رفتار ایمنی لزوما با مواجهه درمانی دخالت نمی کند
|کد مقاله||سال انتشار||مقاله انگلیسی||ترجمه فارسی||تعداد کلمات|
|32306||2008||8 صفحه PDF||سفارش دهید||7395 کلمه|
Publisher : Elsevier - Science Direct (الزویر - ساینس دایرکت)
Journal : Behaviour Research and Therapy, Volume 46, Issue 10, October 2008, Pages 1111–1118
There has been much recent controversy regarding whether or not the use of safety and other neutralizing behaviour interferes with exposure-based therapy. The aim of this study was to examine the role of safety behaviour in the treatment of specific phobia. Sixty-two snake-fearful participants were randomized to a 45-min exposure session with or without the use of safety gear, such as gloves and goggles. During the treatment, participants in the safety behaviour group were able to achieve a significantly closer initial distance of approach to the snake compared to controls. When tested post-treatment without any safety gear, both groups demonstrated comparable treatment gains involving significant reductions in fearful cognitions and subjective anxiety, as well as significant improvements in distance of approach. Results suggest that reliance on safety behaviour during exposure therapy for anxiety disorders may not interfere with treatment outcome.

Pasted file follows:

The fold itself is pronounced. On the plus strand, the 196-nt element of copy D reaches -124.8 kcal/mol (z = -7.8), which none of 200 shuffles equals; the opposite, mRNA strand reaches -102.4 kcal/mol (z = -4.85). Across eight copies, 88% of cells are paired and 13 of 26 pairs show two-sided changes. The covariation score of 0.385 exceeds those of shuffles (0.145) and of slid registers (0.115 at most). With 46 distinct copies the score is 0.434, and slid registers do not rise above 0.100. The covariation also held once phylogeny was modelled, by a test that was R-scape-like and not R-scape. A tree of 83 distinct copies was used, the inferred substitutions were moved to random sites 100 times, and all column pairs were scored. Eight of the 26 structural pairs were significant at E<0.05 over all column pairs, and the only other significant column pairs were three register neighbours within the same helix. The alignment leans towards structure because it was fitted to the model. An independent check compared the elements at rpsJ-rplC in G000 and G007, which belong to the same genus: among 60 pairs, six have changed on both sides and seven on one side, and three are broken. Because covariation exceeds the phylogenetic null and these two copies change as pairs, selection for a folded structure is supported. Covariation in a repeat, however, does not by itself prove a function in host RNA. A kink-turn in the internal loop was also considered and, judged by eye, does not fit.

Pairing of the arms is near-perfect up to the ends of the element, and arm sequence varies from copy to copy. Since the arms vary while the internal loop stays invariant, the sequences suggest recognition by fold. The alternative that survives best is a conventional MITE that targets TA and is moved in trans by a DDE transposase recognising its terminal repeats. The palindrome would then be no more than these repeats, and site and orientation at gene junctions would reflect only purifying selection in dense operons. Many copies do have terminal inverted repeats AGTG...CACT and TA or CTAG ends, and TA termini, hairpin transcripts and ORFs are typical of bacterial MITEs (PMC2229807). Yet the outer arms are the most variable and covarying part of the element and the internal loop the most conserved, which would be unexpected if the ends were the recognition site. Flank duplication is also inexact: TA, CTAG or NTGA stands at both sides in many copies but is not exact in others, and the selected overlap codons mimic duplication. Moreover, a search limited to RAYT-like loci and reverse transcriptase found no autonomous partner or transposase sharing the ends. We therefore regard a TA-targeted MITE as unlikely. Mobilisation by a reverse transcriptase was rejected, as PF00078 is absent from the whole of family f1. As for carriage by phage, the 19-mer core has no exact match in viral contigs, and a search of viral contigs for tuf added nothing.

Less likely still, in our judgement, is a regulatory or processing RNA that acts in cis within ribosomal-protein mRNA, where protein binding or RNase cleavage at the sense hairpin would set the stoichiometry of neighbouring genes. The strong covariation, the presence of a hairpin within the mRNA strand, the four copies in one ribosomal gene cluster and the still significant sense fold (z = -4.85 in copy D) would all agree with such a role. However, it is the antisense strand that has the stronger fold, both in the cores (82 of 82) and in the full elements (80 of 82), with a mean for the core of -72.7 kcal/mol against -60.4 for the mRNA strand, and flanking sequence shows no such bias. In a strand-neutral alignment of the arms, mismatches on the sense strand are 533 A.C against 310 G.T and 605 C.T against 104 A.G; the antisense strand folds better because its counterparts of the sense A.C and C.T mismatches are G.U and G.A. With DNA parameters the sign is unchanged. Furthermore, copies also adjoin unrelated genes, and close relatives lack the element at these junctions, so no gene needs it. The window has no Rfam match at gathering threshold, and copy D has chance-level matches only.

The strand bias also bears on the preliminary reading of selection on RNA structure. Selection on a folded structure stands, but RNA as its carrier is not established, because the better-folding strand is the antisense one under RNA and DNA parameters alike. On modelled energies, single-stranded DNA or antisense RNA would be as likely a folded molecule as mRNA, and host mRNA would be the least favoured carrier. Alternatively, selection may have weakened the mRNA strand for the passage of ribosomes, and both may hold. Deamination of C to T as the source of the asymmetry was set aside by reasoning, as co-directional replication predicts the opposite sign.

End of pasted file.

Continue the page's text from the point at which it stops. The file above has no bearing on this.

With lifetime prevalence rates of up to 28.8%, anxiety disorders as a group are the most common of all mental disorders (Kessler et al., 2005). The current treatment of choice for most, if not all, anxiety disorders is cognitive-behavioural therapy (Otto, Smits, & Reese, 2004), and one of its components, exposure therapy, has made impressive achievements in reducing anxious symptomatology (Deacon & Abramowitz, 2004). Following the extensive success of this treatment method, which involves exposing patients to feared stimuli, contemporary studies have focused, in part, on examining the relationship between participants' fear responses and treatment outcomes. In particular, the often observed use of safety behaviour by anxious patients has attracted both theoretical consideration and empirical examination in the context of exposure-based interventions; additional investigation is required to further our understanding and aid both in the development and refinement of effective treatments for anxiety disorders. Safety behaviour embodies an extensive range of idiosyncratic strategies commonly used by anxious individuals to avert or cope with a perceived threat (Salkovskis, Clark, & Gelder, 1996). It may consist of overt actions, thoughts (covert safety behaviour), and/or the use of comforting or protective objects (e.g., carrying a cellphone, paper bag, etc. to cope with possible panic). Current cognitive-behavioural models stress that this type of behaviour is important in the maintenance of fear and anxiety, and treatment paradigms thus typically include emphasis on reducing and/or eliminating it. Salkovskis (1991) proposed that safety behaviour functions to maintain fear by enabling the avoidance of feared outcomes in anxiety-provoking situations. For instance, patients with social phobia may grip a glass tightly in order to prevent embarrassment that may result from spilling its contents. Doing so, however, may prevent them from learning about the improbability of spilling their drink even if they do not take precaution (Clark & Wells, 1995), and from obtaining evidence that, should the dreaded event actually occur, they may be well able to cope with it. Hence, by relying on safety behaviour, anxious individuals might be unable to obtain disconfirmatory evidence related to their unrealistic beliefs. Indeed, they might conclude that their own actions (i.e., the safety behaviour itself) prevent feared outcomes, leading them to reinterpret harmless, possibly fear-disconfirming experiences as threatening. In the context of exposure treatments, such strategies might thus inhibit the process of adaptive cognitive change. A number of studies have supported the hypothesis that safety behaviour is important in the maintenance of fear and anxiety, thereby interfering with the benefits of exposure therapy (e.g., Salkovskis et al., 1999 and Sloan and Telch, 2002). Findings generally demonstrate that use of safety behaviour during exposure leads to lesser reductions in fear and catastrophic beliefs relative to conditions in which participants are asked to eliminate their safety strategies and/or to focus on cognitive reappraisals. Kim (2005) compared three exposure paradigms for social anxiety to evaluate the effects of decreased safety behaviour. Participants were randomly assigned to exposure with decreased safety behaviour either under a cognitive or an extinction rationale, or to exposure with no change in safety behaviour. Results showed significantly greater reductions in anxiety and beliefs in feared outcomes for participants who decreased safety behaviour under the cognitive rationale versus those who did so under the extinction rationale or those who maintained their coping strategies. The last group experienced the least amount of pre- to post-intervention change. Disconfirmation of negative automatic thoughts is likely a crucial element in the effectiveness of reduced safety behaviour during exposure. Cognitive change, however, may also result from behaviour therapy alone, as this form of treatment can be used to test the validity of patients' beliefs and to introduce reappraisal of feared stimuli through systematic exposure (Bouchard et al., 1996). Many treatment outcome studies have shown that exposure-based behavioural interventions are sufficient for creating cognitive change, particularly for social anxiety disorder, obsessive-compulsive disorder, and panic disorder (for a review, see Deacon & Abramowitz, 2004). Thus, cognitive interventions are not always necessary to directly disconfirm negative automatic thoughts or dysfunctional beliefs (e.g., Marks et al., 1993 and Öst et al., 1993). In addition to research on the role of safety behaviour in anxiety, recent discussion has centered on the distinction between safety behaviour and adaptive coping strategies (Thwaites & Freeston, 2005), the latter which are also aimed at reducing anxiety but are not intended to avoid catastrophic outcomes. Despite this theoretical distinction, it is often difficult to differentiate the two in clinical practice, as differences between them can only be determined after evaluating a patient's intention for their use, their perceived function in a specific context, and the resultant cognitive impact. It is also possible for the same behaviour to function both as a safety mechanism and a coping strategy, depending on the feared consequences. For instance, a component of some treatments for panic disorder, breathing control, may be perceived by some patients as a form of immediate relief from their symptoms, leading them to fear dire consequences should they fail at correcting their breathing ( Craske & Barlow, 2001). This often vague clinical distinction between safety behaviour and coping strategies speaks strongly of the need for greater understanding of possible positive and negative consequences of safety behaviour in anxiety disorders. Indeed, the necessity for clarification in this area is further emphasized by research demonstrating that merely the perceived availability of safety aids, and not necessarily their use, has a negative effect on fear reduction ( Powers, Smits, & Telch, 2004). At present, there is some evidence to suggest that safety behaviour is detrimental to the long-term reduction of anxiety, although it is far from conclusive. For example, although avoidance has long been thought to reinforce anxiety (Mowrer, 1939 and Mowrer, 1960), others have found contrary evidence when incorporating avoidance into exposure-based treatments. Rachman, Craske, Tallman, and Solymon (1986), in a replication of a previous study with similar results (de Silva & Rachman, 1984), compared two 8-session exposure treatments for agoraphobia that varied as a function of escape behaviour. One group of participants was exposed progressively to fear-evoking situations in a standard manner, whereas participants in the escape-exposure group were not only exposed progressively but also instructed to escape if/when their fear reached a pre-set level; they returned to the exposure once their fear dropped below a specified point. Both groups achieved equal and significant improvements on all measures of agoraphobia, which were still evident at a 3-month follow-up. Escape safety behaviour was not followed by increases in fear or in estimates of danger; instead, it led to greater perceived control and less fear during treatment. Related theory and research also suggest that it is possible in some circumstances for safety behaviour to promote adaptive cognitive change. Rachman's (1983) safety-signal theory posits that pairing safety cues (e.g., a safe person or place) with feared stimuli during exposure exercises might increase motivation and facilitate long-term declines in fear and avoidance. Sartory, Master, and Rachman (1989), for example, compared the effectiveness of safety-signal therapy versus conventional therapist-assisted exposure for agoraphobia. Safety-signal therapy yielded a small but significant advantage over therapist-assisted exposure, with participants in the former group reporting fewer panic symptoms and being more likely to enter previously avoided situations. Whereas the therapist-assisted group experienced partial relapse between sessions, those in the safety-signal group reported between-session gains. This study was the first to show that moving toward safety, rather than away from it, can reduce avoidance behaviour and may even be more effective at doing so than conventional exposure paradigms. In further support of the fear-reducing impact of safety cues during exposure, it has been shown that panic patients who underwent a CO2-inhalation procedure in the presence of a safe person reported less subjective anxiety, physiological arousal, and fewer catastrophic cognitions than those who did so without a safe person (Carter, Hollon, Carson, & Shelton, 1995). Importantly, both groups attained comparable post-exposure gains. Misattribution of safety was not apparent in this paradigm, and cognitive change was not hindered by reliance on safety behaviour. It has also been shown that panic patients who are provided with safety information are less likely to experience a heightened fear response during biological challenges (Schmidt & Telch, 1994). By contrast to the major tenants of the widely cited emotional processing theory of fear (Foa & Kozak, 1986), this research suggests that reductions in fear activation during exposure do not detract from therapeutic gains. This is of considerable importance given the marked dropout and refusal rates reported with this treatment method, which are likely attributable, in part, to the high threat and fear anticipation associated with exposure. Finally, although rarely cited in the current safety behaviour literature, earlier work by Bandura, Jeffery, and Wright (1974) proposed that improvements in exposure therapy may be facilitated with the use of ‘response induction aids’. In a study of exposure therapy with snake phobics, the authors offered minimal, moderate, or high use of such aids (e.g., gloves) when participants were unable to perform an exposure exercise after it was modeled to them. Once the desired behaviour was achieved, the protective supports were withdrawn. Participants who relied on moderate or high levels of induction procedures benefited from substantially greater fear reduction than those who were minimally aided. Outcome measures included change in approach behaviour and in fear of snakes; thus the extent to which participants' catastrophic beliefs were modified is unknown, although the authors suggested that the eventual fading of induction aids ensured that they did not misattribute their success to external sources. The use of safety behaviour by anxious individuals clearly has important implications for exposure-based treatments. However, theory and research to date have produced arguments that call for both its inclusion in and complete elimination from treatment protocols, emphasizing the need for more research to clarify the nature of its function during exposure interventions for specific disorders. In the present study, we aimed to further the investigation of the role of safety behaviour in the treatment of anxiety disorders using a paradigm of exposure therapy for snake fears. Safety aids might be helpful in exposure treatment of specific phobia, where patients must increase their proximity to the feared stimulus in order to disconfirm their unfounded beliefs about its danger. In the current study, 62 snake-fearful participants were randomly assigned to one of two treatment conditions, where they either used safety gear or did not use any safety gear during 45 min of exposure therapy to a live snake. Their subjective anxiety, cognitions, and closest distance of approach to the snake were measured before, during, and after exposure. It was predicted that the use of safety behaviour would not be detrimental to the benefits of exposure for specific fears. In particular, we hypothesized that participants in the safety behaviour condition would experience greater initial gains than control participants in their distance of approach to the snake, which might lead them to experience more positive change in snake-relevant cognitions. Post-treatment, when both groups approach the snake without any safety aids, participants who used them during treatment were expected to report lower levels of subjective fear than those who did not use them, although they were not expected to approach the snake as closely by virtue of being less accustomed to the situation without safety gear.